The reality that California is producing way more marijuana than legal markets can bear was in plain view during the Humboldt County Board of Supervisors' March 19 public hearing on the county's proposed cannabis land use ordinance.
The question is what Humboldt County can do to protect the local industry, which was at one time estimated to account for one out of every four dollars spent here.
During public comment, a visibly frustrated Bruce Ayers, owner of Southern Humboldt Concentrates, told the board that 95 percent of cannabis flowers currently being sold in state dispensaries were grown indoors.
"Outdoor cannabis is essentially worthless nowadays," he said, adding that more and more it's only used in concentrates, sending wholesale prices plummeting to $500 a pound, with some big distributors only willing to pay $300. Amid that reality, Ayers wondered, why is the county prioritizing the permitting of outdoor grows?
Ayers said he already has a county permit for a 7,000-square-foot grow but, because his application for a manufacturing permit is on hold, he has nowhere to send his product, making his cultivation permit essentially worthless.
With an absolute glut of weed in the Golden State — by some estimates, Humboldt County's permitted farms alone could produce more cannabis than the 2.5 million pounds that legal markets are projected to sell in 2018 — others said Humboldt County's future lies in small, sustainable, artisanal farms that can differentiate themselves from the commodity weed produced elsewhere.
On the other end of the spectrum, the board heard from Alex Moore, whose Honeydew Farms holds or is in the process of pursuing permits to cultivate more than 6 acres. Moore argued that any cap "greatly disadvantages farms looking to compete" at the state level and urged a "free market society" approach to cannabis permitting. "We respectfully ask that you not limit a company's ability to grow and compete."
During public comment, a number of people spoke in favor of the draft ordinance's provision for developing a "Humboldt artisanal branding" program that certifies cultivators who meet standards set by the county agricultural commissioner, including a cultivation area of less than 3,000 square feet, that the cultivator reside on the same parcel as the cultivation site, that the product be exclusively sun-grown and meet organic certification standards.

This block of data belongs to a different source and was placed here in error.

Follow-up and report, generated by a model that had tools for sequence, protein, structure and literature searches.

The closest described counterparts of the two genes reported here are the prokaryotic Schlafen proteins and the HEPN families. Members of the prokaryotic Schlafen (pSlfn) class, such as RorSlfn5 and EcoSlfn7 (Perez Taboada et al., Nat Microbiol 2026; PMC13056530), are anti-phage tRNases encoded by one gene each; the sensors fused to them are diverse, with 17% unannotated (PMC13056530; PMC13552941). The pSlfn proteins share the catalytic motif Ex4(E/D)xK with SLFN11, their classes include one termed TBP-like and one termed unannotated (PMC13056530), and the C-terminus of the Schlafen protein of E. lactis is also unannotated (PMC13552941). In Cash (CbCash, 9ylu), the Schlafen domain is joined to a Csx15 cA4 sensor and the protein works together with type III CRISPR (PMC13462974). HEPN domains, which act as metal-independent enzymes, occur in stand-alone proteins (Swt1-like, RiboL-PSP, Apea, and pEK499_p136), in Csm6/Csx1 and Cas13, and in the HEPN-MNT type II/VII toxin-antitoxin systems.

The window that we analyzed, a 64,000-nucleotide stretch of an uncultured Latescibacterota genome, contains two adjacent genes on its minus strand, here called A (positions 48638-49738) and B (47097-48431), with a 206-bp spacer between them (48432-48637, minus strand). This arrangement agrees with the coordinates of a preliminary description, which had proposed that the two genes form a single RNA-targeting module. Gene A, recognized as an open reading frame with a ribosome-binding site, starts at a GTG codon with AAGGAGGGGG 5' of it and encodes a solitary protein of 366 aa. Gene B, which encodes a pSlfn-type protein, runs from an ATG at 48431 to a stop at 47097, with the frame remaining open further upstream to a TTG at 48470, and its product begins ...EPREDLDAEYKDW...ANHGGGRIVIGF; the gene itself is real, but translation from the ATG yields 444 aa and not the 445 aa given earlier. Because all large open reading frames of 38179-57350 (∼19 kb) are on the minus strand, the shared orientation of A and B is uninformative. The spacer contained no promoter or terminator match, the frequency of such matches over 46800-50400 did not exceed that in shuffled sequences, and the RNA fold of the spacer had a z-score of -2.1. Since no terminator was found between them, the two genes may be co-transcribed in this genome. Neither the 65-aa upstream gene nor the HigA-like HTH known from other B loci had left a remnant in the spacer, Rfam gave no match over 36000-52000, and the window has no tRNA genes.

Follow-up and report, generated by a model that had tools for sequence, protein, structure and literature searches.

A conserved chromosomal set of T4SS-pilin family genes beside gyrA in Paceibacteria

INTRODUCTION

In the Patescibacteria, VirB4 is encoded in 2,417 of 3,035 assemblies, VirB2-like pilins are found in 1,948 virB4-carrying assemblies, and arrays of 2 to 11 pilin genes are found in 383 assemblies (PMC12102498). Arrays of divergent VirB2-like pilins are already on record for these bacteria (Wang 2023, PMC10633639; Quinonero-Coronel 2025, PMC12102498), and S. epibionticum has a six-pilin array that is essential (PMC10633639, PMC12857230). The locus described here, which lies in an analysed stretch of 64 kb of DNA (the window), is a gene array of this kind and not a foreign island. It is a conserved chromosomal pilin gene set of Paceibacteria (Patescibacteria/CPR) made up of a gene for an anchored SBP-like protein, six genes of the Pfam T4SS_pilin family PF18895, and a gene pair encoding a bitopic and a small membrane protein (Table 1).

Some, including Humboldt County Growers Alliance Executive Director Terra Carver, called on the board to allow the designation for farms of up to 10,000 square feet, which prompted the question: Just what is a small farm? After all, it was just a few years ago that the California Department of Fish and Wildlife estimated the average grow in Humboldt County was about 2,300 square feet.
As the board briefly batted around the question, Ayers spoke up from the audience, saying he's cultivating 7,300 square feet and can't compete. First District Supervisor Rex Bohn seemed to take umbrage at the implication, saying the board's role is just to set rules and regulations, as they would for a construction project.
"But if you build a really shitty house and it doesn't sell, that's not on us," he said.
When discussing the concept of a cap on permits or the amount of acreage a single farmer can cultivate, Planning Director John Ford made clear to the board that he sees these not as land-use issues but policy decisions. And he's right — these are decisions that will have serious ramifications for the Humboldt County economy and the way wealth is distributed within it.
Local cannabis farmers face a lot of uncertainty in California's new regulated markets. Will there be a future niche for small, artisanal farms much the way microbrews have carved out a market space in the shadow of big alcohol? Will Humboldt County's relatively low excise tax leave space for it to become a concentrate hub that turns commodity cannabis into value-added products? Or is the best path to go full-on free market, letting those with the means to go huge, potentially at the detriment of everyone else?
Following Bohn's housing analogy, the board can't keep a developer from building a shitty house. But it can incentivize rural development or infill, multi-family units or McMansions. The decisions the board makes in the coming weeks on this ordinance carry weighty environmental and economic impacts, and that's absolutely on them.
Thadeus Greenson is the Journal's news editor. Reach him at 442-1400, extension 321, or email@example.com. Follow him on Twitter @thadeusgreenson.